More energy from sunlight strikes the Earth in one hour than all the energy consumed on the planet in one year. Yet, solar energy provides only about one-tenth a percent of electricity and less than one and a half percent of fuels.
The overwhelming need for carbon-neutral energy and the enormous potential of solar energy conversion defined the 25th Eastern Regional Photosynthesis Conference (ERPC), held at the Marine Biological Laboratory at Woods Hole, Mass., in April.
The conference was attended by eight Rensselaer graduate and undergraduate students, and co-chaired by assistant professor K.V. Lakshmi of the Department of Chemistry and Chemical Biology. She expanded the scope of this year’s conference to include industrial and applied topics on solar energy uses.
The students are members of Lakshmi’s laboratory, as well as the laboratories of assistant professors Peter Dinolfo and James Kempf of the Department of Chemistry and Chemical Biology.
“It was interesting for the Lakshmi Lab to get to hear some of the biggest names in our field speaking on breaking solar research,” said Amanda Weyers, a graduate student in chemistry. “Their insights helped to put the work we do in a new perspective the structures we are working on and the research we are developing really are impacting understanding of photosynthesis and the direction of solar research.”
One possibility explored at the conference was artificial photosynthesis, or if photosynthesis could be duplicated outside the leaf using bio-inspired chemistry. Other topics included the exhaustion of fossil fuels due to peaking production and increased demand, and the various avenues being pursued to produce biofuels.
Pete Palomaki, a chemistry graduate student who works with Dinolfo, believes that solar energy will be a major contributor to energy resources. “The concepts are there, the manpower is there, the sun is obviously not going anywhere, and the research is what is necessary to make the leap to a solar society. We need to work hard to understand what it’s going to take to make a cheap and efficient photovoltaic device. There are a ton of great ideas out there, but the reality is that so far none of them rival silicon photovoltaics in efficiency and cost. I think the mindset of people is starting to change and they want to use solar and other types of renewables, but it’s still too expensive to justify it.”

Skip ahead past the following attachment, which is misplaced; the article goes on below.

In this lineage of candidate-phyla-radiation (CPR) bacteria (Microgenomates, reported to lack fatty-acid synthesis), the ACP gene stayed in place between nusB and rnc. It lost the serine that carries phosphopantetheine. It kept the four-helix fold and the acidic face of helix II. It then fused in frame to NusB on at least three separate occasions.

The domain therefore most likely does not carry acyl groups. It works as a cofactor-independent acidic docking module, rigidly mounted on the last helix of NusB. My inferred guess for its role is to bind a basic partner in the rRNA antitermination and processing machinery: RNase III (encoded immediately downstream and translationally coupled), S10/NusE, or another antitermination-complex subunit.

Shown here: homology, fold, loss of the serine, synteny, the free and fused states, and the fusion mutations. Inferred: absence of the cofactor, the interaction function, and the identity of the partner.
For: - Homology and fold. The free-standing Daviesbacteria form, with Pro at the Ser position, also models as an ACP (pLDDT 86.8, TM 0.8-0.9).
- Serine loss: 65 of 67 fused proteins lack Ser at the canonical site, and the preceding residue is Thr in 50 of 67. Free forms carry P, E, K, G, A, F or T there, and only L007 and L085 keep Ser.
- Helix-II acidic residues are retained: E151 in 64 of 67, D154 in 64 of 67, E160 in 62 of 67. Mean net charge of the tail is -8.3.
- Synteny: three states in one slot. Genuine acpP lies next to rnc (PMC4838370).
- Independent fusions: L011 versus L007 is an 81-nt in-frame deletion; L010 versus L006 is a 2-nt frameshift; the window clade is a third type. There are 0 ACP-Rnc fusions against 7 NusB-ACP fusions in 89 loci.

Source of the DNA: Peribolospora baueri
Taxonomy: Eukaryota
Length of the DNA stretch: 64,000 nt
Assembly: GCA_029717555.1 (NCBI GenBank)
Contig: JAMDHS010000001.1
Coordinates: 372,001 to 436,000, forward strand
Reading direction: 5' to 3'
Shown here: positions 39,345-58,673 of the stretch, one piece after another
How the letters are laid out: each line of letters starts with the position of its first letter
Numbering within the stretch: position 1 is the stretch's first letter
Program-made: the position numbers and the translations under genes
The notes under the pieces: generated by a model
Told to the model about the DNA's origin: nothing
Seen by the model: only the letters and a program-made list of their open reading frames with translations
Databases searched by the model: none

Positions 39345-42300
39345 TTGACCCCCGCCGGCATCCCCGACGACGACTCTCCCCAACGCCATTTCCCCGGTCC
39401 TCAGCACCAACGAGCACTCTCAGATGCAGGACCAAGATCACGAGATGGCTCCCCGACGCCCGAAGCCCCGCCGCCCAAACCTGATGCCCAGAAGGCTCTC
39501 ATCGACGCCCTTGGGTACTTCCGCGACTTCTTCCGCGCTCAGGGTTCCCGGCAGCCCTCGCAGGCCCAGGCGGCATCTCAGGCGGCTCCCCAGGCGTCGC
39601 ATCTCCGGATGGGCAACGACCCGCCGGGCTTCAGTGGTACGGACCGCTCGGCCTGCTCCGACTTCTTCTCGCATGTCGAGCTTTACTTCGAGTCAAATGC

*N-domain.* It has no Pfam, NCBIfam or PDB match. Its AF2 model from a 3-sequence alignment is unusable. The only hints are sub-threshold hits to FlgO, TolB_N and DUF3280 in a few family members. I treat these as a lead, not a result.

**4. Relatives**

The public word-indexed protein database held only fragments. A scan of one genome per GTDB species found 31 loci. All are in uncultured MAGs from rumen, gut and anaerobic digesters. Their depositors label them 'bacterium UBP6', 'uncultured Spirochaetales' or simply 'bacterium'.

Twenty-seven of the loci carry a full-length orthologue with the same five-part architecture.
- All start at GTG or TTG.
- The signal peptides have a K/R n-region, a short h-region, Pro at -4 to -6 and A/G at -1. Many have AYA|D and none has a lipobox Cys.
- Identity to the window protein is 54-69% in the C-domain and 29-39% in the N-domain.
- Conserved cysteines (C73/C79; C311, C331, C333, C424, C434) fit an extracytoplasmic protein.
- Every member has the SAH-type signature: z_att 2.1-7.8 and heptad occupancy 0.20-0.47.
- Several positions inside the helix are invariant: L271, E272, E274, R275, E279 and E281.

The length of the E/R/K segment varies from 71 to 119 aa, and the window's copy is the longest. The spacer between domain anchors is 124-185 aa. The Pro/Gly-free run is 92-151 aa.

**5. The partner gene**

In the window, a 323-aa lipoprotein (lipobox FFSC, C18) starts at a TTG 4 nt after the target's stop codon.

Rensselaer was represented in all three areas of the poster exhibition with posters on artificial photosynthesis, photosynthesis reactions, and light harvesting.
“The conference was a great chance for us to see some of the research that is going on in the area of solar energy, and an opportunity to show experts in the field what we have been working on,” said Palomaki. “Personally, I got some great advice from top researchers in our field, and enjoyed sharing my ideas and results with them.”
As Lakshmi emphasized, the primary goal of the conference was to highlight the vast potential of solar energy conversion and to create a forum for the discussion of possible chemical and biochemical avenues for harnessing solar fuels. This conference had a combined focus on research, education, and outreach and catered to young scientists in the field. Lakshmi is the chair of the 26th ERPC to be held at Woods Hole in April 2009.
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